The White House reportedly discouraged Intel from increasing chip production in China

President Biden’s security and domestic production efforts could have a marked impact on Intel’s plans. Bloomberg sources claim the White House “strongly discouraged” Intel from increasing chip production in China to help address the chip shortage. Improved capacity could have been available before the end of 2022, but the Biden administration was reportedly concerned about security concerns.

The semiconductor firm has not completely ruled out a future increase in Chinese production, according to tipsters. However, Intel is believed to have “no plans” at the moment.

Intel did not directly acknowledge the government’s objection in the statement, but welcomed “other solutions” that will help meet demand for the chips. The company considered a “number of approaches” in tandem with the United States, including the production of new tiles in the United States and Europe.

This approach would not be surprising, if correct. Biden continued to be wary of Chinese technology, going so far as to sign a law banning Huawei and ZTE from accepting FCC network licenses. Although sources did not specify security issues with Intel, company chief Pat Gelsinger said earlier that high dependence on Asian production posed a threat to the supply chain. There has also been a historical concern that companies are improperly sharing sensitive technology with China.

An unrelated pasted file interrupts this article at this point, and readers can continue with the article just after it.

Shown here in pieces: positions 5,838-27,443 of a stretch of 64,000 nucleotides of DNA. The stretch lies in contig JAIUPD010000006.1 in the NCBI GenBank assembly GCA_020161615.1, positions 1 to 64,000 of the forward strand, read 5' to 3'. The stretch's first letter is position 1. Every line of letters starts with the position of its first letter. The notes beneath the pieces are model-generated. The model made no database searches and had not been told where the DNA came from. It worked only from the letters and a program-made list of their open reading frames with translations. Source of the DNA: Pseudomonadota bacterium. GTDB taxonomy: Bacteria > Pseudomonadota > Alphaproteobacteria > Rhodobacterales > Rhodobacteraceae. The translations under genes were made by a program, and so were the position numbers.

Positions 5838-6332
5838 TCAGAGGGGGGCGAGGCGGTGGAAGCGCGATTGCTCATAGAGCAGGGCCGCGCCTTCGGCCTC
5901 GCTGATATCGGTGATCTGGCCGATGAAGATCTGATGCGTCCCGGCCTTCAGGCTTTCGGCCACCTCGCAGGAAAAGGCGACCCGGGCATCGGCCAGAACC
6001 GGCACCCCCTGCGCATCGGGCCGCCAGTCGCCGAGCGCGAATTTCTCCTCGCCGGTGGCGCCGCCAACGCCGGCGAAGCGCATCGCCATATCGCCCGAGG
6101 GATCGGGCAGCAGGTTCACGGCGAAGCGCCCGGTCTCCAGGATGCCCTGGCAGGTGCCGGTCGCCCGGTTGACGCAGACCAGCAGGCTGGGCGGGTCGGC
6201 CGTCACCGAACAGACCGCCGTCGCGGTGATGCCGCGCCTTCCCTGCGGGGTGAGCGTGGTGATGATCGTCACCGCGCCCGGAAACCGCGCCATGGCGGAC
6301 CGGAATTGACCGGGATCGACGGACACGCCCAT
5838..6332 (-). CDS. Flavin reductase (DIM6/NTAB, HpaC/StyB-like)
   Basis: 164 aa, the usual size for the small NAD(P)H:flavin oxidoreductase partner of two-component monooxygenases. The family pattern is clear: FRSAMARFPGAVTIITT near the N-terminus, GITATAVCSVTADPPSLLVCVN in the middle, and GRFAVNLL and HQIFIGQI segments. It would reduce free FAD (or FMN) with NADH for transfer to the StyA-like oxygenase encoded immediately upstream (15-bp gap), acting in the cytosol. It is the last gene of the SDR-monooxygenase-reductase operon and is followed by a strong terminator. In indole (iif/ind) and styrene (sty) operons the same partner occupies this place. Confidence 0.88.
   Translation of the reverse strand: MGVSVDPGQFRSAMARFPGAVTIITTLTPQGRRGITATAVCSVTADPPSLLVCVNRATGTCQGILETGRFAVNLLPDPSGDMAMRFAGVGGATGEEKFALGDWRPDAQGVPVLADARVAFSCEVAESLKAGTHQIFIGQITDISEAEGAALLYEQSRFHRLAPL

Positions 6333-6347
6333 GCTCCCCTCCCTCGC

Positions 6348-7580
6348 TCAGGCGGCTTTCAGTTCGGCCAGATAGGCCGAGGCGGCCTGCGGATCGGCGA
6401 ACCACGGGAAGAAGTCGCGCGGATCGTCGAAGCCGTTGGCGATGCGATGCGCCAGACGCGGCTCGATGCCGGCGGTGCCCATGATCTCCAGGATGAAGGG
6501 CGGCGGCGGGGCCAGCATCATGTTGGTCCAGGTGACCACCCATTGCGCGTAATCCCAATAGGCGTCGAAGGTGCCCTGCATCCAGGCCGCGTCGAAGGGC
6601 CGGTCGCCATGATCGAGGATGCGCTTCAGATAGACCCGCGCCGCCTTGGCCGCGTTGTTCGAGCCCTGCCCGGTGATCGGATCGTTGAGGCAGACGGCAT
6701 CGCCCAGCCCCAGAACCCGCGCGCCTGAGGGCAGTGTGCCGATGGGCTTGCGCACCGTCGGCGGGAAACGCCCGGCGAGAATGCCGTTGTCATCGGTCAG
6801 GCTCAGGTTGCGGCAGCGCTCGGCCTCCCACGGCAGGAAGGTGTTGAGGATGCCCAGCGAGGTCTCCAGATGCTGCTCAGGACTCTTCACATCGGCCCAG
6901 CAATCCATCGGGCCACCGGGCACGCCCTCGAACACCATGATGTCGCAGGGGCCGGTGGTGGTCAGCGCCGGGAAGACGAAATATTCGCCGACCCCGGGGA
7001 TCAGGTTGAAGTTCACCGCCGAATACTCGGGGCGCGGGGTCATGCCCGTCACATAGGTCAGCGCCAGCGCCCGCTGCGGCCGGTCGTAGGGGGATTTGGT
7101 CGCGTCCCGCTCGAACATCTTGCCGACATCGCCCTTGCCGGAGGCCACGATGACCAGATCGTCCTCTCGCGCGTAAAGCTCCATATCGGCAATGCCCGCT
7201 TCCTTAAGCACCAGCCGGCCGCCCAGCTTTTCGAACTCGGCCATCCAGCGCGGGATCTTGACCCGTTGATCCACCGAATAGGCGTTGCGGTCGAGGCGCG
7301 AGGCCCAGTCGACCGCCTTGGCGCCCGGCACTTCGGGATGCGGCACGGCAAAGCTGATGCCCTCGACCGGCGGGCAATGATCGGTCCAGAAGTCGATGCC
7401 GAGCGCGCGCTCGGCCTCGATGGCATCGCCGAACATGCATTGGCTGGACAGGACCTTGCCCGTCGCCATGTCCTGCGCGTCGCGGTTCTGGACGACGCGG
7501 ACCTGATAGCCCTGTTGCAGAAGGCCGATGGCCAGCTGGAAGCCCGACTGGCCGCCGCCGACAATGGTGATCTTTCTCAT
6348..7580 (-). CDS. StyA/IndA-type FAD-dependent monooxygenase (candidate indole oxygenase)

Even if security is not an issue, economic development could be a factor. Biden advocated increasing production in the U.S. to address the chip shortage, and Intel’s report of Chinese expansion would run counter to that policy. It would also not help attempts to counter China’s growth as an economic superpower.

Whatever the reasons, such a change of mind also risks prolonging the chip shortage. As Intel builds factories in the U.S. and seeks outside production assistance, those efforts will take time and may not cover every shortcoming. Intel may have to accept a short-term blow to production to meet White House goals, especially if it wants any factory-oriented funds from the stalled CHIPS law.

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Naveen Kumar

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